The biggest tracks on The Epic are those Tyner-esque ones, but the album crosses into other territory as well — soulful, peaceful grooves such as “Isabelle”; the quick-handed “Miss Understanding,” like the classic Miles Davis quintet on speed; the overkill of “Henrietta Our Hero” (which is a tender and moving song, but smothered in Broadway treacle).

The highlights are Washington’s breathtaking, infinitely tumbling sax solos (and his not-so-subtle use of overblowing, which is impressive but could use more finesse). But the rest of the band is aces as well. Every track springs an excellent improvisation from somebody, not just Washington. I especially like the rich, high-throttle bass solos on “The Magnificent 7” and what I think is an electric bass solo (it might be guitar) over the optimistic gallop of “The Message.” Whichever bassist it is (the record has two: Miles Mosley and Stephen “Thundercat” Bruner) just has a great sound on those strings.

So, what’s not to like?

Well … it’s the pop attitude to some extent, but it’s also the frills. The choir and orchestra do their job of building an epic feeling to the album, but how necessary are they?

Take a track like “Changing of the Guard.” I think it suffers from those extra layers. They’ve been added after-the-fact, and it shows: They cross the solos unevenly and weigh the track down. During the piano solo, particularly, I want to hear the piano and bass free-wheeling over the vaguely sketched chord changes — but the strings, in this case, enforce those harmonies, creating strict borders on a solo where the lines should be only loosely drawn.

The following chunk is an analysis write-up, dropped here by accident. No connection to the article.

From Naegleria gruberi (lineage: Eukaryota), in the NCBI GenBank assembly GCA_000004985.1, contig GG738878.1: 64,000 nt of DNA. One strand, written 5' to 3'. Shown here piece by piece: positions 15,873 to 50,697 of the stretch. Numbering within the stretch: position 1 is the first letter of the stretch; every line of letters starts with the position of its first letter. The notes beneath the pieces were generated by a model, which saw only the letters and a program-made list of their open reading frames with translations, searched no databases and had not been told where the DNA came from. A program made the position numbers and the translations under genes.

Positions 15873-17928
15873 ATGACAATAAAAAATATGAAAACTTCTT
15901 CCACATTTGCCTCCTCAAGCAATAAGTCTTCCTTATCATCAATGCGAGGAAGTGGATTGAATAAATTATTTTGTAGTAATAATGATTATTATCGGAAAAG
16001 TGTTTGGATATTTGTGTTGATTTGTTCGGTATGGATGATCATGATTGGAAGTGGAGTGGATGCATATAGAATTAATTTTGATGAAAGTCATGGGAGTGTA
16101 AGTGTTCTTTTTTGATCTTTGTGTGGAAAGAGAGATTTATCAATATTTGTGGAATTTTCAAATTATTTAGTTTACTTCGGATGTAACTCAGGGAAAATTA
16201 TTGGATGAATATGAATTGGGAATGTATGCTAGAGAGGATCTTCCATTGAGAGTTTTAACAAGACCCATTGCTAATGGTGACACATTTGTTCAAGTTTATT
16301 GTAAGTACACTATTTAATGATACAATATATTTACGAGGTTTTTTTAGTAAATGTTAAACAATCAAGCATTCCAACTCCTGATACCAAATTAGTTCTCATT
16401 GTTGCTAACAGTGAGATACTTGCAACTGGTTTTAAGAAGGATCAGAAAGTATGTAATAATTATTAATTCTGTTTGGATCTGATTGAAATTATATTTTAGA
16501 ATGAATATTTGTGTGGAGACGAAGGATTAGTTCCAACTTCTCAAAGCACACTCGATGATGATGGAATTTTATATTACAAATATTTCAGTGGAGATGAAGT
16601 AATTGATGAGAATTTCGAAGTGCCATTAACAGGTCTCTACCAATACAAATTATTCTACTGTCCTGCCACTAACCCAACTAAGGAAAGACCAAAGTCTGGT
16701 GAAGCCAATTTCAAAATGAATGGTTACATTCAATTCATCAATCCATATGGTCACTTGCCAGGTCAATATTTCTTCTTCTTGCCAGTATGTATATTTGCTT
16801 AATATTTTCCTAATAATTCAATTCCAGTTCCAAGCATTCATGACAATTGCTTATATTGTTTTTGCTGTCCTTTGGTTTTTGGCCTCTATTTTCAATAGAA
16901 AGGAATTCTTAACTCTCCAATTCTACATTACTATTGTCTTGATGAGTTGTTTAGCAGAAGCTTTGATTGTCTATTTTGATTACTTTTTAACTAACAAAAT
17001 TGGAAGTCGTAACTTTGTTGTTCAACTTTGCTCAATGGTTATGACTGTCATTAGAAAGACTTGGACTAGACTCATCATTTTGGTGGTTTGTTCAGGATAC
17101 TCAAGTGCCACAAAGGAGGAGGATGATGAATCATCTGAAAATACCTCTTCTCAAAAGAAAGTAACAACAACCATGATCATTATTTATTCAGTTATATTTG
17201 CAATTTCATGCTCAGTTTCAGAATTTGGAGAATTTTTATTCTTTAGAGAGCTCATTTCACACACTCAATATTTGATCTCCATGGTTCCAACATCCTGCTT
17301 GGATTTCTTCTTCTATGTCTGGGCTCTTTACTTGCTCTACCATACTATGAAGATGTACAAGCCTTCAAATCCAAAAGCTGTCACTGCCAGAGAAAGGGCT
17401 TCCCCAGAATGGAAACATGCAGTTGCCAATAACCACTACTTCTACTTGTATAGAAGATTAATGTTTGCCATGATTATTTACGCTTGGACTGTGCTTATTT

Put another way: One towering aspect of late ’60s jazz, to me, is that while it’s chord-based, the players drift outside that lane frequently. With all its embellishments, The Epic draws those lane lines in thick Sharpee pen, and it’s too distracting to the sense of freedom that can make this music truly great.

It’s similar to the problem bands have when they play live with pre-recorded tracks or even a click track. What makes a live performance great is the ability to play to the moment. Subtle tempo changes, impossible to wrangle when backing tracks are involved, are part of The Moment.

Yes, it’s a matter of taste; the embellishments aren’t much different from the overacting and overdramatizing found in pop music. I don’t deny these musicians’ talent, their true intentions, or Washington’s gravitational charisma. There’s good music in here; I just think they overdid it.

Overall, I’m glad The Epic happened, partly for the L.A. representation, partly for putting jazz on the map for a lot of people who assumed they didn’t like jazz. And the occasional bombastic gesture isn’t my style, but it adds a sense of fun to the business.

For a more direct reading of Washington’s saxophone attack, you could try out Throttle Elevator Music’s Jagged Rocks. It’s essentially and album of indie-rock instrumentals, with Washington unleashed to romp all over the music. Sometimes the fit is awkward, but mostly, it just plain grooves — as if Washington is off the stage, out of costume, and just kicking back in someone’s garage.